Dosage depends very much on the purpose for which the steroid is being used and on individual response. There is no single schedule that will suit every case but examples appear below.
Systemic commencing doses
• For a serious disease such as systemic lupus, dermatomyositis: prednisolone up to 0.75-2.0 mg/kg/d orally in divided doses.
• If life-threatening, prednisolone up to 70 mg, or its equivalent of another steroid. The dose is then increased if necessary until the disease is controlled or adverse effects occur; as much as prednisolone 2-3 mg/kg/d can be needed. Cyclophosphamide or azathioprine (see p. 292) are valuable adjuncts; they may enhance the initial control of the disease and have a sparing effect on the maintenance dose of prednisolone required.
• More usually now, megadose pulses (methylprednisolone 1.0 g i.v. daily for 3 days) are used, followed by oral maintenance with prednisolone and/or a steroid-sparing agent (above).
• For less dangerous disease, such as rheumatoid arthritis: prednisolone 7.5-10.0 mg daily, adjusted later according to the response.
• In some special cases, including replacement of adrenal insufficiency, dosage is given in the account of the treatment of the disease.
• For continuous therapy the minimum amount to produce the desired effect must be used. Sometimes imperfect control must be accepted by the patient because full control, e.g. of rheumatoid arthritis, though obtainable, involves use of doses that must lead to long-term toxicity, e.g. osteoporosis, if continued for years. The decision to embark on such therapy is a serious matter for the patient.
Topical applications (creams, intranasal, inhalations, enemas) are used in attempts, often successful, to obtain local, whilst avoiding systemic, effects; suspensions of solutions are also injected into joints, soft tissues and subconjunctivally. All these can, with heavy dose, be sufficiently absorbed to suppress the hypothalamus and cause other unwanted effects. Individual preparations are mentioned in the text where appropriate.
The relatively high selectivity of inhaled bec-lomethasone in asthma is due to a combination of route of administration, high potency and rapid conversion to inactive metabolites by the liver of any drug that is absorbed (see asthma, skin); but yet hypothalamic/pituitary suppression and systemic toxicity occasionally occur.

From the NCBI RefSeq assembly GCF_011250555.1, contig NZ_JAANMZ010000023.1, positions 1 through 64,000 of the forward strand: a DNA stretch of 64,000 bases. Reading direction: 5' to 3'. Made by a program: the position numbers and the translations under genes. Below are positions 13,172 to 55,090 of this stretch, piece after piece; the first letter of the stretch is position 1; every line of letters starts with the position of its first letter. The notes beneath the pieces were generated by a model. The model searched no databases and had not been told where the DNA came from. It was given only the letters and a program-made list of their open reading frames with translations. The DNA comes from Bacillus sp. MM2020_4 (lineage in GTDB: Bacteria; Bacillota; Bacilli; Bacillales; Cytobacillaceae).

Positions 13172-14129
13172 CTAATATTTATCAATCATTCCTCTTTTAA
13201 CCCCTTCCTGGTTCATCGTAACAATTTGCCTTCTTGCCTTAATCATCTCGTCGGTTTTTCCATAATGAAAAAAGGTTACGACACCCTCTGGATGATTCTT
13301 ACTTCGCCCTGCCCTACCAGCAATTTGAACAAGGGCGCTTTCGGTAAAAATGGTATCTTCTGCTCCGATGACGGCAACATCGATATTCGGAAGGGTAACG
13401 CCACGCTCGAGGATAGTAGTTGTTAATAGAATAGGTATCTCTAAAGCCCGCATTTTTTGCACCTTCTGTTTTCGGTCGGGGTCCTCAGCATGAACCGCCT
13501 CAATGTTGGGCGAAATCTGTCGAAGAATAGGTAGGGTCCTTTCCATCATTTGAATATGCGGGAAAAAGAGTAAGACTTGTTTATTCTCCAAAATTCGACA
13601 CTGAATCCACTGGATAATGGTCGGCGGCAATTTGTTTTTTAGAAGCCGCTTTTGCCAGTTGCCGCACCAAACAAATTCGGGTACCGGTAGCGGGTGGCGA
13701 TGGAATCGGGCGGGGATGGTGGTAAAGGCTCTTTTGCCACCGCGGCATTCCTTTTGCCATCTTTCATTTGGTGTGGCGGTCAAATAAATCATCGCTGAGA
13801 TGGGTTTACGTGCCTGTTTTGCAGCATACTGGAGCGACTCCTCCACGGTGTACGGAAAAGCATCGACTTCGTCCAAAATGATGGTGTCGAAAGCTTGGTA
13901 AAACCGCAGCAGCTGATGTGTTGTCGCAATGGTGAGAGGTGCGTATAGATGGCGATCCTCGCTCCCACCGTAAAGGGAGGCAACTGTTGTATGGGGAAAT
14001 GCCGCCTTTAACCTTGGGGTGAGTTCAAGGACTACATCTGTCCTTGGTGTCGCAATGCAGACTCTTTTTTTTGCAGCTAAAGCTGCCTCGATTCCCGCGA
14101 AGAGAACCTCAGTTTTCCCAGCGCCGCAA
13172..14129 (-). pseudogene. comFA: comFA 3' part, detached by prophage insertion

Contraindications to the use of adrenal steroids for suppressing inflammation are all relative, depending on the advantage to be expected. They should be used only for serious reasons if the patient has: diabetes, a history of mental disorder or peptic ulcer, epilepsy, tuberculosis, hypertension or heart failure. The presence of any infection demands that effective chemotherapy be begun before the steroid, but there are exceptions (some viral infections, see above). Topical corticosteroid applied to an inflamed eye (with the very best of intention) can be disastrous if the inflammation is due to herpes virus.
Steroids containing fluorine (see above) intensify diabetes more than others and so should be avoided in that disease.
Long-term use of adrenal steroids in children presents essentially the same problems as in adults except that growth is retarded approximately in proportion to the dose. This is unlikely to be important unless therapy exceeds 6 months; there is a spurt of growth after withdrawal. Intermittent dosage schedules (alternate day) may reduce the risk (rarely, corticotropin may be preferred, see p. 675).
Some other problems loom larger in children than in adults. Common childhood viral infections may be more severe, and if a nonimmune child taking an adrenal steroid is exposed to one, it is wise to try to prevent the disease with the appropriate specific immunoglobulin (if available).
Live virus vaccination is unsafe in immuno-suppressed subjects, e.g. systemic prednisolone > 2 mg/kg per day for > 1 week in the preceding 3 months, as it may cause the disease, but active immunisation with killed vaccines or toxoids will give normal response unless the dose of steroid is high, when the response may be suppressed.
Raised intracranial pressure may occur more readily in children than in adults.
Fixed-dose combinations of adrenal steroids with other drugs in one tablet should never be used as they abrogate the principles for the use of such formulations (p. 118).
• Replacement of hormone deficiency
• Inflammation suppression
• Suppression of excess hormone secretion
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